“We’ve learned that we farm within a larger ecosystem, and every plant has its purpose,” says Wecker. “For example, leaving some trees and woody species encourages more fungi to thrive in the soil, and that helps deter grass, which is a harder weed to manage.”

At The Benson Place, pick-your-own customers and farm crew pickers use the same equipment – blueberry rakes and wooden berry boxes and garden carts (their photo)

Come harvest time, picking low-bush blueberries looks completely different compared to their high-bush counterparts. For efficiency, most farms wait until an entire patch is ripe and pick everything at once using a special blueberry rake, which looks like a metal dustpan or scoop with high sides and long tines extending outwards. The picker slides the tines under the bush’s top branches and pulls up to dislodge berries, which are collected at the back of the scoop. After picking, sorting machines help pickers separate sticks, leaves and unripe berries until only the best remain.

Pick-your-own customers at The Benson Place get to experience this whole process, which is a rare opportunity in this part of New England. All equipment is provided, and the experience usually takes about two hours, depending on the number of helping hands and size of the harvest.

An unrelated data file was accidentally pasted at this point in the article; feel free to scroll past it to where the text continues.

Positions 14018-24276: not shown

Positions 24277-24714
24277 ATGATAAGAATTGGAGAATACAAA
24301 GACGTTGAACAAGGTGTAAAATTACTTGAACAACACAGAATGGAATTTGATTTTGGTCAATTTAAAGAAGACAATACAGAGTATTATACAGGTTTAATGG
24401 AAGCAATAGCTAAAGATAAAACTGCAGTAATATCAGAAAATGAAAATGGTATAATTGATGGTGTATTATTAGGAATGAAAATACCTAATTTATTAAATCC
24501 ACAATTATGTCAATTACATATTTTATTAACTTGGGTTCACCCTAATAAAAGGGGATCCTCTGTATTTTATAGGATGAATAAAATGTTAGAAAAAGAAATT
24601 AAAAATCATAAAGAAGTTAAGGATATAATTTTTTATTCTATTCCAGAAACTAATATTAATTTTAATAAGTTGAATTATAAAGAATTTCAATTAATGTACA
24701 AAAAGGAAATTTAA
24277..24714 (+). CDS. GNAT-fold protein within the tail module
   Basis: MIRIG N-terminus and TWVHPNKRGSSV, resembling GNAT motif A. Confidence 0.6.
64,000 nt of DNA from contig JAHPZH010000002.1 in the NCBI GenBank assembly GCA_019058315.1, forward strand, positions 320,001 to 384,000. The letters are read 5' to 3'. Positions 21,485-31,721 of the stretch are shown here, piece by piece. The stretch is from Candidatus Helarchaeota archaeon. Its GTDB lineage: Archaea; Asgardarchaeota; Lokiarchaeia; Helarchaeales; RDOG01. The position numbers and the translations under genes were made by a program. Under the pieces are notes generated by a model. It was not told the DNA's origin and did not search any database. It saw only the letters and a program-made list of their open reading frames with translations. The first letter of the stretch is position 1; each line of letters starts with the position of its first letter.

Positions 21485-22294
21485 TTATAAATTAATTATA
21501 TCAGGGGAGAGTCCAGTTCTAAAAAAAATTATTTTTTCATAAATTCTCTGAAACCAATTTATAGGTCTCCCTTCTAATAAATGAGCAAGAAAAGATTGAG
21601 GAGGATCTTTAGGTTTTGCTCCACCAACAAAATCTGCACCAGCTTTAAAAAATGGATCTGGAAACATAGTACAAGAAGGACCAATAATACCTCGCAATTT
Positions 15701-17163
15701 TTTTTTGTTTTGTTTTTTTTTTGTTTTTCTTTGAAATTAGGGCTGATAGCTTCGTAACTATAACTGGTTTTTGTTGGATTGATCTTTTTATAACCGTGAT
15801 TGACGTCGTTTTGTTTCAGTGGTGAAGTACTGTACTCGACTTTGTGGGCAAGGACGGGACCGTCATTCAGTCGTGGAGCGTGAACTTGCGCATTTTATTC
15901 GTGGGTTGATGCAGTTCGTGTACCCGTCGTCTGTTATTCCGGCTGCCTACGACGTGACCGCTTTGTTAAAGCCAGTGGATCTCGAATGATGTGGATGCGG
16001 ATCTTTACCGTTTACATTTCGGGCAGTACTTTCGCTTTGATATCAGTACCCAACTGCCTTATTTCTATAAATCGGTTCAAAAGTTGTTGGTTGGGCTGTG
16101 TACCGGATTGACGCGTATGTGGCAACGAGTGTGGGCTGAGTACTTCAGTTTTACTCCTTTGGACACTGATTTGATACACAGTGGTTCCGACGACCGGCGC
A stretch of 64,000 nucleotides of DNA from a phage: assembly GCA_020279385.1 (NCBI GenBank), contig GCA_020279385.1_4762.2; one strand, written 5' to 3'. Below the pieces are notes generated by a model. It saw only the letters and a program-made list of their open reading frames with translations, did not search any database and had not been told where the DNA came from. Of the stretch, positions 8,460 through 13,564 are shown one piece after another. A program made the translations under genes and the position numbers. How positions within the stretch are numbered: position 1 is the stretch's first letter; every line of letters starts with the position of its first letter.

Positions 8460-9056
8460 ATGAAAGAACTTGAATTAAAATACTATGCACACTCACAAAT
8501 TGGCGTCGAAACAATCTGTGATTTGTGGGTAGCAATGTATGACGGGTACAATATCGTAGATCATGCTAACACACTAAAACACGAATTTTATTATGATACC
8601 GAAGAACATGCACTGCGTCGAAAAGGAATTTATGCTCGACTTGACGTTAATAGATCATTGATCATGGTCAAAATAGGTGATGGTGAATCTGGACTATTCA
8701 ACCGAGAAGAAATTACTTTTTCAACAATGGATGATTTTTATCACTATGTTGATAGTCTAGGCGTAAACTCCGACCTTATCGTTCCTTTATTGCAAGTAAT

The season for low-bush blueberries is short, running from mid-July through the beginning of August. To keep things orderly, The Benson Place lets customers sign up to reserve pick-your-own slots ahead of time on some days. On other days it’s first come, first served with new groups setting out as soon as rakes and sorting machines become available. In case of a short wait, they encourage picnicking, enjoying the view and wandering their public hiking trails.

(The Benson Place photo)

For those who would rather skip picking and go right to eating, baking, or freezing, The Benson Place is also accepting pre-orders for bulk blueberries from this year’s crop on their website. Customers can also buy their wild blueberry syrup, which goes well with anything you’d use maple syrup for.

While small, low-bush blueberries are packed with punchy, concentrated flavor. Delicious on their own, they’re also great additions to both sweet and savory dishes.

“They make a great pie or cobbler, which is pretty obvious,” Wecker says. “They also pair really well with herbs like rosemary, thyme, and lavender. I’ve seen lavender in blueberry pie, or blueberry coffee cakes with rosemary and thyme. Blueberry chutneys are great too.”

Last year, there were hardly any blueberries. A late May frost decimated the crop as it was flowering. It could have brought the business to ruin, but it didn’t. Thanks to hard work and generous customers who contributed to their GoFundMe, the farm persisted. Now, this year’s crop looks better than ever.

Many customers say The Benson Place’s magic comes from the farm’s integration with a landscape that remains wild; where visitors step into a world in which humans are clearly one part of the whole. Hawks soar above views of Mount Greylock, pollinators buzz between wildflowers, and people enjoy one of the sweetest gifts that piece of land has grown for centuries. It’s an experience not to be missed.

Jacob Nelson is communications coordinator for CISA (Community Involved in Sustaining Agriculture). See where you can find local berries or pick-your-own farms near you at